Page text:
Response of High-latitude Forests to a Warmer and CO2-enriched Atmosphere: Tree Rings in a Process-based Model


Temperatures in Arctic and subarctic North America have been rising in recent years and are projected to continue to rise. Furthermore, atmospheric carbon dioxide is increasing around the globe. This project will evaluate the response of white spruce to these ongoing changes. It will use archived samples from ten sites, standard tree-ring methodologies supplemented by novel chemical analyses, and numerical models to understand tree growth response to changing environmental drivers.

The project will advance the use of tree-ring data in understanding forest growth responses to natural and anthropogenic forcings. This project represents an interdisciplinary opportunity to combine three distinct disciplines: (1) basic dendrochronological techniques, which allow for precisely-dated, quantitative and verifiable long-term tree-ring records; (2) low temperature geochemical tools to measure carbon and oxygen stable isotopes ratios that will independently reflect environmental variables including temperature, precipitation, relative humidity and long-term physiological information on water use efficiency in natural forests; and (3) the joint use of a process-based mechanistic model, MAIDENiso, to distinguish between the confounding effects of increases in temperatures and atmospheric CO2 and to predict boreal forest response under different scenarios, and the NASA GISS ModelE2 general circulation model to provide inputs to MAIDENiso.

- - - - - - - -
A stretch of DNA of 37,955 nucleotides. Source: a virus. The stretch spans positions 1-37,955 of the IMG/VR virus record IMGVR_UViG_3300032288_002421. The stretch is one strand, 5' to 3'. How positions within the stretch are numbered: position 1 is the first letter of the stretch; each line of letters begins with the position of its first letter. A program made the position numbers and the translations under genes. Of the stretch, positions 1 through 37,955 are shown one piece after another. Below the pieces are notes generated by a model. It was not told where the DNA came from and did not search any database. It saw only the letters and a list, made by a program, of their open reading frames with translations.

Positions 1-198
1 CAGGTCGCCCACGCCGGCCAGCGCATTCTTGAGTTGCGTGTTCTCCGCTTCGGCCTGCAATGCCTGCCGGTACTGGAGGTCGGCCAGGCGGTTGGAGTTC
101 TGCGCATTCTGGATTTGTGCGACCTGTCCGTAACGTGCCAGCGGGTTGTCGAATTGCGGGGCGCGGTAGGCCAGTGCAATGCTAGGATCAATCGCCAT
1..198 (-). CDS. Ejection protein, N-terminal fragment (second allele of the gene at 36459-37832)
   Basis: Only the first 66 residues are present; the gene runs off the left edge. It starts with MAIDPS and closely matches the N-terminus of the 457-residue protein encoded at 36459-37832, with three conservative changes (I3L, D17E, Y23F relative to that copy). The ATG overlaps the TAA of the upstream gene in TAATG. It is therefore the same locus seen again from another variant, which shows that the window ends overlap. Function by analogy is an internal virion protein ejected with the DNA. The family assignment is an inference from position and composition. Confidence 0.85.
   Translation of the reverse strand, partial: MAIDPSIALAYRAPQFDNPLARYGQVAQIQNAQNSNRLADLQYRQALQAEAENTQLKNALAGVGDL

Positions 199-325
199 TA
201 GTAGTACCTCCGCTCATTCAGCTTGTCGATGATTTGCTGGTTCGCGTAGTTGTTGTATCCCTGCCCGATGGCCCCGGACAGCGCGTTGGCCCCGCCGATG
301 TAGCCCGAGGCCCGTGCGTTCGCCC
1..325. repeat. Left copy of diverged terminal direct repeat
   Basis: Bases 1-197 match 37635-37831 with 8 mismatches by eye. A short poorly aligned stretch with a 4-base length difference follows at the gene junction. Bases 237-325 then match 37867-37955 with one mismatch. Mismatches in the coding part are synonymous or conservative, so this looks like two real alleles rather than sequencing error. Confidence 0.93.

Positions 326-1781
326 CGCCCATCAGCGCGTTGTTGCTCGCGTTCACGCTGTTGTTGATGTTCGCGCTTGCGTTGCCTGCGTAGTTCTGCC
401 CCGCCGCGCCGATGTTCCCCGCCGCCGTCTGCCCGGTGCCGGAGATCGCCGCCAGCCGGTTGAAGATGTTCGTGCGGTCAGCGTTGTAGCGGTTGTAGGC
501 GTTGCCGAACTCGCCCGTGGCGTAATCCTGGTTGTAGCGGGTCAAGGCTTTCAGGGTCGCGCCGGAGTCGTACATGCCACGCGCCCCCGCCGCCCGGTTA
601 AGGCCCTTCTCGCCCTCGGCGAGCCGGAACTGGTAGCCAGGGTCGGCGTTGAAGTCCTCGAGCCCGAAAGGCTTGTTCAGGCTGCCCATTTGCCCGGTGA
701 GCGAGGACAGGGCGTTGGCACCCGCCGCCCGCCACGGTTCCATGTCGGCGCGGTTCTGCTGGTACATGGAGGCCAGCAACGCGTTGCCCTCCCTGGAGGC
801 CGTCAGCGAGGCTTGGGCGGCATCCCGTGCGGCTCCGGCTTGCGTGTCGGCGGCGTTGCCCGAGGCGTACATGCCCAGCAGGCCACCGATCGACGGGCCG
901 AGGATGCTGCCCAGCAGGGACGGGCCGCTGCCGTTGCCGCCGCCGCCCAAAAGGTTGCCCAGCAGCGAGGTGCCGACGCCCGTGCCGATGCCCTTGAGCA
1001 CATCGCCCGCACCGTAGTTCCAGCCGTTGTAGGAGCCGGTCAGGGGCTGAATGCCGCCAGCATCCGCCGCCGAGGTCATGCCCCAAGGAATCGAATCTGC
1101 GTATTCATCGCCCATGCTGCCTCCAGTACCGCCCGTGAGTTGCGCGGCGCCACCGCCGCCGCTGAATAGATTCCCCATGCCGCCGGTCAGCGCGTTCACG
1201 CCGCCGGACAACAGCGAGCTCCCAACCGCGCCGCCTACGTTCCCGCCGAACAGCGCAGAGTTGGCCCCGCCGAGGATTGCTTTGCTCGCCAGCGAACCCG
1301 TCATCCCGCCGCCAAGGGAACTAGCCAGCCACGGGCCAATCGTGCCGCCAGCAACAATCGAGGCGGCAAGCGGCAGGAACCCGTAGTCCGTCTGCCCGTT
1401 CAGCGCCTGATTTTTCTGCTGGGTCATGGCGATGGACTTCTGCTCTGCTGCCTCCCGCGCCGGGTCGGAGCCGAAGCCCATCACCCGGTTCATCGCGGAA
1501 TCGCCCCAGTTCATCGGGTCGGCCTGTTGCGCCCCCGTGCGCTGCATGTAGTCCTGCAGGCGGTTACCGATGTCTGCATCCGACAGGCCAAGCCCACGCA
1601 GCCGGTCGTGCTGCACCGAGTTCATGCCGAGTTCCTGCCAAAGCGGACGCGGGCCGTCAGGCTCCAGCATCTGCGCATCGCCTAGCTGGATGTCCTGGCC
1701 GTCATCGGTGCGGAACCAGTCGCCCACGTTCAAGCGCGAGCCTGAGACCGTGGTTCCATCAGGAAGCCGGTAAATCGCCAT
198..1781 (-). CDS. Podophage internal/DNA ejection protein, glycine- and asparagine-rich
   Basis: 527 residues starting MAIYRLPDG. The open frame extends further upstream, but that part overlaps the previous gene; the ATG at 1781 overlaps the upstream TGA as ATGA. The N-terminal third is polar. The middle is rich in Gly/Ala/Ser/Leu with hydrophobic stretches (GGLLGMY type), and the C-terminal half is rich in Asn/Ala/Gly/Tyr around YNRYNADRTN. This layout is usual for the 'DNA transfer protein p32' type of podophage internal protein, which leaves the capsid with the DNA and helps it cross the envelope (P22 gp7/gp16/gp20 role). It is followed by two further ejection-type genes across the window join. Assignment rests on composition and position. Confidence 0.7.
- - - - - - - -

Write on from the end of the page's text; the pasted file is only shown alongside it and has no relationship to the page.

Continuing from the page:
This project is funded by the National Science Foundation (NSF), Office of Polar Programs (OPP), Arctic Natural Sciences (ANS) Program.